Monday, 15 September 2014

Retreat

I've just arrived in Sheepwash in North Devon (here) where I'll be spending the next few days. I'm so excited to get a chance to write without interruption and to (hopefully) get the first bit of novel 2 into a state where I'm comfortable showing it to people.

Of course, most writing has to be done in a workman-like way, in between and around other things, but it's lovely to get away once in a while and not have to cook or clean or run anyone to the orthodontist - just write.


Here's the room where I'll be writing.


Here's the view from the window.


There are my desk options - standing or sitting, which is great for me because I *love* to work standing as much as possible.


Me, as I type this blog (standing).


I've got my favourite red, writing/book t-shirt at the ready, off I go...

Saturday, 13 September 2014

Nearly there

I handed in my PhD thesis this week. I still have to prepare for (and endure) the viva, and there may be corrections to make, but I'm pretty much *almost* finished. Hooray!

To celebrate, I went to my favourite restaurant (Master McGraths), had my favourite meal (lamb, followed by Eton mess), with my favourite person, and then came home and watched The Painted Veil.

Next week I'm going on a writing retreat with my lovely friend Sarah Franklin. I can't wait to get properly stuck into book 2. Happy days.

Saturday, 30 August 2014

On School Shoes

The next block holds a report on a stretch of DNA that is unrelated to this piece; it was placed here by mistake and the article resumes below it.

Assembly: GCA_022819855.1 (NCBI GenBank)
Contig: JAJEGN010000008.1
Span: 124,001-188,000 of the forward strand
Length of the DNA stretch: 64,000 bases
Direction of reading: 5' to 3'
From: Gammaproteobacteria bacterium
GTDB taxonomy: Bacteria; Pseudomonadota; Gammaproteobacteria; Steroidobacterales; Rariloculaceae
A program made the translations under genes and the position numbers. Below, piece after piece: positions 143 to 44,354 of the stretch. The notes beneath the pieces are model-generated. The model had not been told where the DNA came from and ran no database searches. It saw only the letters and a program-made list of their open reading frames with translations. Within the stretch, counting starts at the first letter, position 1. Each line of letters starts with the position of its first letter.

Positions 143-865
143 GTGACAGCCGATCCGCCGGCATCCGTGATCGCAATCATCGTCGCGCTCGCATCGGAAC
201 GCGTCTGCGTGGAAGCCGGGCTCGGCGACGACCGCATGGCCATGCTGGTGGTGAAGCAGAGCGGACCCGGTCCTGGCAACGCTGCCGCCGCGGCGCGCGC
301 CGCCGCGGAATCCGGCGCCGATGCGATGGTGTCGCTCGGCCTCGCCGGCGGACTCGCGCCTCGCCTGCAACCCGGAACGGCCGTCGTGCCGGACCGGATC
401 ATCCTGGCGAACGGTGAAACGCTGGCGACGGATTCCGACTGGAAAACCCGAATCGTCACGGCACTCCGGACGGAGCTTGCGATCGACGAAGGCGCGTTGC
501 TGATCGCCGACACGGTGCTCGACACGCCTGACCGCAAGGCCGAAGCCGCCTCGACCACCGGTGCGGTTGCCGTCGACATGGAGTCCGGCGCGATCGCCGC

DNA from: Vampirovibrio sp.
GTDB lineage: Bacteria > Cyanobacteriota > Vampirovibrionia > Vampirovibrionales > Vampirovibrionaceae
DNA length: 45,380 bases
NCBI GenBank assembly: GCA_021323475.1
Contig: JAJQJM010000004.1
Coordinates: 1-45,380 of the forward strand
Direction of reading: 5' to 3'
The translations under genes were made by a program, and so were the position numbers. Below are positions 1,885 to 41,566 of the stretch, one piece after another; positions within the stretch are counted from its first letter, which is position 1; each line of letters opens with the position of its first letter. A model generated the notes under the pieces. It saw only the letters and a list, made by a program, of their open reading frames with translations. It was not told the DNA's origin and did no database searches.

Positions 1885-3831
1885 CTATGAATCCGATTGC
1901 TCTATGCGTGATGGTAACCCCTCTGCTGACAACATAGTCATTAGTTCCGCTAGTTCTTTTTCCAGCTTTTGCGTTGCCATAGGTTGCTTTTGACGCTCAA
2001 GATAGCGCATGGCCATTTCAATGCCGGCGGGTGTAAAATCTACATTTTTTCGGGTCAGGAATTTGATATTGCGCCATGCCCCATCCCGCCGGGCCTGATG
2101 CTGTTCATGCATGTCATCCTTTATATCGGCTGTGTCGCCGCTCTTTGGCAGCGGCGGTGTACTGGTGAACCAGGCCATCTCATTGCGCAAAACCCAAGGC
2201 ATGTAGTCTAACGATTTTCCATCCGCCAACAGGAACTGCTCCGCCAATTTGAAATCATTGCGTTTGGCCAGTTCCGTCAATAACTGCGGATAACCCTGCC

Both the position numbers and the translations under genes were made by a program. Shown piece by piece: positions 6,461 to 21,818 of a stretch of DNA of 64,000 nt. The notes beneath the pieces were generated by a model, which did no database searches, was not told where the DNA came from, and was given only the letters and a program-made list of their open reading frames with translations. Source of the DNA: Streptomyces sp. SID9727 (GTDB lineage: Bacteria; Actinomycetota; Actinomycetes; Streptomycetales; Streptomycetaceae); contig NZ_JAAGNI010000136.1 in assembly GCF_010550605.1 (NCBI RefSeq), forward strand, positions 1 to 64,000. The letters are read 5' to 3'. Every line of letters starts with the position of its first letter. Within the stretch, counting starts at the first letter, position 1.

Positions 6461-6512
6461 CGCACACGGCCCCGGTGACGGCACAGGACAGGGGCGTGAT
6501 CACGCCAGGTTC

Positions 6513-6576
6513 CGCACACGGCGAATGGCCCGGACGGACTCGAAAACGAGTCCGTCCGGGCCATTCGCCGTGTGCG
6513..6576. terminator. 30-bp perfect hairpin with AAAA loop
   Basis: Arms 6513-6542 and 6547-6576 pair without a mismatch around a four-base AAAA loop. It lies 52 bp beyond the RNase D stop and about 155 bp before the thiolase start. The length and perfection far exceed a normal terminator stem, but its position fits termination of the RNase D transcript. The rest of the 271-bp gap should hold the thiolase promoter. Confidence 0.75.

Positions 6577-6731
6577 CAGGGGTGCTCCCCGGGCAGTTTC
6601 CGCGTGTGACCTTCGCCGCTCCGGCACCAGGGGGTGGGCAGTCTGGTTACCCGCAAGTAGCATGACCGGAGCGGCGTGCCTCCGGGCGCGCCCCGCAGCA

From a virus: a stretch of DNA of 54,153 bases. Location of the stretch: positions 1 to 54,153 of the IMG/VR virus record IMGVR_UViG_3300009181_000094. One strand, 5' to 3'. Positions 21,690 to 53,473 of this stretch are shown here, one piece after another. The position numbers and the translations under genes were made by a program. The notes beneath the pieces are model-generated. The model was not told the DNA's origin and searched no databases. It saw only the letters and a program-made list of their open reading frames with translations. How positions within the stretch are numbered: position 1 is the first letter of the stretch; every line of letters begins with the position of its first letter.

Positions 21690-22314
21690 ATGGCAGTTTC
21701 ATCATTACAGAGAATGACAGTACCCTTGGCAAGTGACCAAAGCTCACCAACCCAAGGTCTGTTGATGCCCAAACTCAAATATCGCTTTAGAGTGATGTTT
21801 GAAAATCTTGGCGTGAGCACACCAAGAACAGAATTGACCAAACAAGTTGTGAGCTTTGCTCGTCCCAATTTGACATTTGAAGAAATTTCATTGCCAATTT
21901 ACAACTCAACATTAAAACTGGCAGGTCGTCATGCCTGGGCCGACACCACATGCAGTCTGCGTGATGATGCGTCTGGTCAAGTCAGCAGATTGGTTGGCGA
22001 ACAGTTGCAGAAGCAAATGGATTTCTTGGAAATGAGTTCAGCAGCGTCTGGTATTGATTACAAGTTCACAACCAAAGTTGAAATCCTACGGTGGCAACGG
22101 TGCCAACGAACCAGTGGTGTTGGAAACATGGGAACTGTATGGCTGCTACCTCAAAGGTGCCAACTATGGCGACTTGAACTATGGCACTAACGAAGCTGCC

Yesterday I took my daughter to Clarks to buy some new school shoes. She didn't actually need new shoes, she has a perfectly good pair of Clarks shoes that still fit her, but they are boys' shoes. Alice has worn boys' shoes to school for a number of years (for the reasons she outlines below), but she is starting a new school next week and is feeling a little anxious about fitting in and making new friends, so she asked if I would buy her a pair of girls' shoes. 

When we arrived in the shop we discovered that there was a new element to the measuring process. It involved Alice having to select a BOY or GIRL icon on the iPad and then choose either a pink or blue character, or the Clarks logo (which Alice chose). When I asked why she needed to select BOY or GIRL I was told it was to increase interactivity. So, before we even got down to the matter of the shoes themselves, we were faced with boy/girl, blue/pink choices. 

We looked through the girls' shoes. The vast majority were ballet style - pretty impractical for school, especially in a country where it rains frequently. The shoes that covered the whole foot were pointy, not the kind of shoes in which you'd want to play football at break times. 

Alice tried on some shoes. And then she had to decide whether being physically comfortable was more important than being socially comfortable. She chose to keep wearing her boys' shoes. 

This morning I saw a link to Hollie McNish's blog on school shoes. And I thought, instead of just complaining around the dinner table (yet again), I'd write about my experience, too. It's only when a lot of people point these things out that things can change, right?